Nevertheless, the majority’s judgment (§ 10) makes it clear that the Migration Court failed entirely to consider this factor or to ascribe any weight whatsoever thereto as a potential risk facing the applicant in assessing his claims under Article 3. In its judgment of 9 March 2011 the Migration Court is wholly silent on the applicant’s conversion to Christianity, focusing, exclusively, upon his political activities prior to his fleeing Iran. The failure of that court to consider in any way the applicant’s conversion to Christianity is a serious lacuna in its assessment of the applicant’s claim under Article 3.
When, subsequently, the applicant sought, specifically, to focus the authorities’ attention upon the risk arising from his conversion to Islam, the Migration Board rejected his request outright noting simply that his baptism and conversion had already been raised in the previous proceedings at domestic level. It was thus not considered to be a ‘new circumstance’.
The domestic authorities cannot have it both ways. Either they ought to have assessed the risk in the first round of proceedings once aware of the fact of the applicant’s conversion or such a risk required to be assessed as a ‘new circumstance’ when raised in the second asylum application. This want of a rigorous assessment of a serious and, potentially, life-threatening risk is inconsistent with what this Court has previously confirmed is required of domestic authorities when dealing with claims made under Articles 2 or 3 of the Convention. It was, indeed, such a lack of rigor that led the Court in the case of Z.N.S. v Turkey to find that the applicant’s deportation to Iran (which, in that case, also involved a conversion to Christianity) would be in violation of Article 3 of the Convention. The Court stated that it ‘was not persuaded that the national authorities conducted any meaningful assessment of the applicant’s claim’. We find likewise in the circumstances of this case.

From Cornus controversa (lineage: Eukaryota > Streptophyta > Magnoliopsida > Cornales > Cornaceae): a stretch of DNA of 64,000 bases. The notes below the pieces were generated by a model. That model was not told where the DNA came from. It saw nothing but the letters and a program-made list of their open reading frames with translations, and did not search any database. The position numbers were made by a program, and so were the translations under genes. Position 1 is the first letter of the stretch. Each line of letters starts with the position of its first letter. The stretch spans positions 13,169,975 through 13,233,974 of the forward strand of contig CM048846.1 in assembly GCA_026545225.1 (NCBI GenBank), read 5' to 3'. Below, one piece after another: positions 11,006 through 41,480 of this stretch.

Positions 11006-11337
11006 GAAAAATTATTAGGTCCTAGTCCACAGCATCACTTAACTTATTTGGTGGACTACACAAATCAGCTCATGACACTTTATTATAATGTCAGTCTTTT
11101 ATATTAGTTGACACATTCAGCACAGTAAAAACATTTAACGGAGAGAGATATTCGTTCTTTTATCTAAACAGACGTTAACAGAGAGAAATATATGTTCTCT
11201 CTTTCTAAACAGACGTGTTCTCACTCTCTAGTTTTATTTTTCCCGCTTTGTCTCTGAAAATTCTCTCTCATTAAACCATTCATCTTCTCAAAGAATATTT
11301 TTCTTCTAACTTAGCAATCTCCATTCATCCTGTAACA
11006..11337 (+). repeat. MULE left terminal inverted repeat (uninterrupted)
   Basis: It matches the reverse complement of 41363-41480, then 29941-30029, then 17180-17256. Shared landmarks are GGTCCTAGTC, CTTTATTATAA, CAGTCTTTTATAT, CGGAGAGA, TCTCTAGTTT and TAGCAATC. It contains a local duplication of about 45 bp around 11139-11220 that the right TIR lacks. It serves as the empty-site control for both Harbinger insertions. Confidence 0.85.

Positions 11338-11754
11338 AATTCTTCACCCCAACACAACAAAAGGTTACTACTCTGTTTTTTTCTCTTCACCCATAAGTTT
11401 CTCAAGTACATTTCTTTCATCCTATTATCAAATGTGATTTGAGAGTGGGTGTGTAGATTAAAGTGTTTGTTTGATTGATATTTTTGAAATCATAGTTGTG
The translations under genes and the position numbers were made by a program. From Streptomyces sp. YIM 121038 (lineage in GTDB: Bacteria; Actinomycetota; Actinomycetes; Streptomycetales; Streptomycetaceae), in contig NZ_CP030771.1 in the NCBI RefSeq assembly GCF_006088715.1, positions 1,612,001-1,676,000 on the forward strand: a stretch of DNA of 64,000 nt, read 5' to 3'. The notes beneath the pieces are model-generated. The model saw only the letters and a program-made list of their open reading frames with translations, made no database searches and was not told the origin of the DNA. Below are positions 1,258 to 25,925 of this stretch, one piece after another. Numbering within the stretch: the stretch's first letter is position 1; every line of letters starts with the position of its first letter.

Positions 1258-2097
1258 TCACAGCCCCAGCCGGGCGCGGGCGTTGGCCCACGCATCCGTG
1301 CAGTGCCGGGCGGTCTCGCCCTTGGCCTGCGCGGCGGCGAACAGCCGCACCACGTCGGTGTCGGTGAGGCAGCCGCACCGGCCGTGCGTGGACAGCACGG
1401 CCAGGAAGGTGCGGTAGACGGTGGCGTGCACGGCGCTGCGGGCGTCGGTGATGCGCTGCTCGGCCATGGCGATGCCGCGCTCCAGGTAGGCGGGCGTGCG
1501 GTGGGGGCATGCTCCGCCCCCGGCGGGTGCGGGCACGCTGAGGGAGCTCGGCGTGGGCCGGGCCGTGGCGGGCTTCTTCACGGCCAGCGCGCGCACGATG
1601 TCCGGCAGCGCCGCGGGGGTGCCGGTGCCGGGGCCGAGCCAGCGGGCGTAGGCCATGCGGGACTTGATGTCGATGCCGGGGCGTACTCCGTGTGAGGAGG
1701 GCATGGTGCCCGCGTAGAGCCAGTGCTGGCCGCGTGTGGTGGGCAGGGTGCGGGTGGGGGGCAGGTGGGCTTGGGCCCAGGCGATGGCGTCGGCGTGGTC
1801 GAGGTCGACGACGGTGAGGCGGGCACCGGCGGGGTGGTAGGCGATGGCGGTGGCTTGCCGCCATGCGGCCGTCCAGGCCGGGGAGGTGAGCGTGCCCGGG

There is another aspect of the majority’s reasoning that lies uneasily with respect for fundamental human rights. In § 41 of the judgment, the Court notes that the applicant had ‘kept his faith a private matter’. Against this background it concludes that there is nothing to indicate that the Iranian authorities are aware of his conversion and thus no risk for the applicant under Article 3 on this ground.
The majority appears to endorse, implicitly, the Government’s submission that for as long as the applicant does not bring his religious affiliation to the attention of the Iranian authorities by publicly practising his faith then, in all probability, no real risk should arise in the event of his deportation. This is a dangerous line of reasoning. Such an argument was rejected, unequivocally, by the Court of Justice of the European Union in its recent judgment in Bundesrepublik Deutschland v Y and Z. In that case, the Court addressed the question as to whether Article 2 (c) of Council Directive 2004/83/EC on minimum standards for the qualification and status of third country nationals or Stateless persons as refugees or as persons who otherwise need international protection and the content of the protection granted must be interpreted as meaning that an applicant’s fear of being persecuted is well-founded where such a person can avoid exposure to persecution in his country of origin by abstaining from certain religious practices. The Court noted that none of the rules laid down in the Directive stated that when assessing the extent of the risk of actual acts of persecution, it is necessary to take account of the possibility open to an applicant of avoiding the risk by abstaining from his or her religious practice in question and, consequently, renouncing the protection which the Directive is intended to afford to an applicant by conferring refugee status. The Court concluded:
It follows that, where it is established that, upon return to his country of origin, the person concerned will follow a religious practice which will expose him to a real risk of persecution, he should be granted refugee status, in accordance with Article 13 of the Directive. The fact that he could avoid that risk by abstaining from certain religious practices, is, in principle, irrelevant.
The same line of reasoning ought to apply when assessing a risk of persecution under Article 3. National authorities cannot reasonably expect from an applicant that he or she abstain from the exercise of the fundamental right to religious freedom and conscience in order to avoid treatment prohibited under Article 3.
For an asylum seeker to have to conceal his religious convictions if returned to his country of origin or to exercise reserve in the expression of his convictions was found by the Court of Justice to be ‘an unreasonable expectation’ and one that was not consistent with the law of the European Union. We consider that there is nothing under the case law of this Court which holds otherwise when it comes to the European Convention on Human Rights.”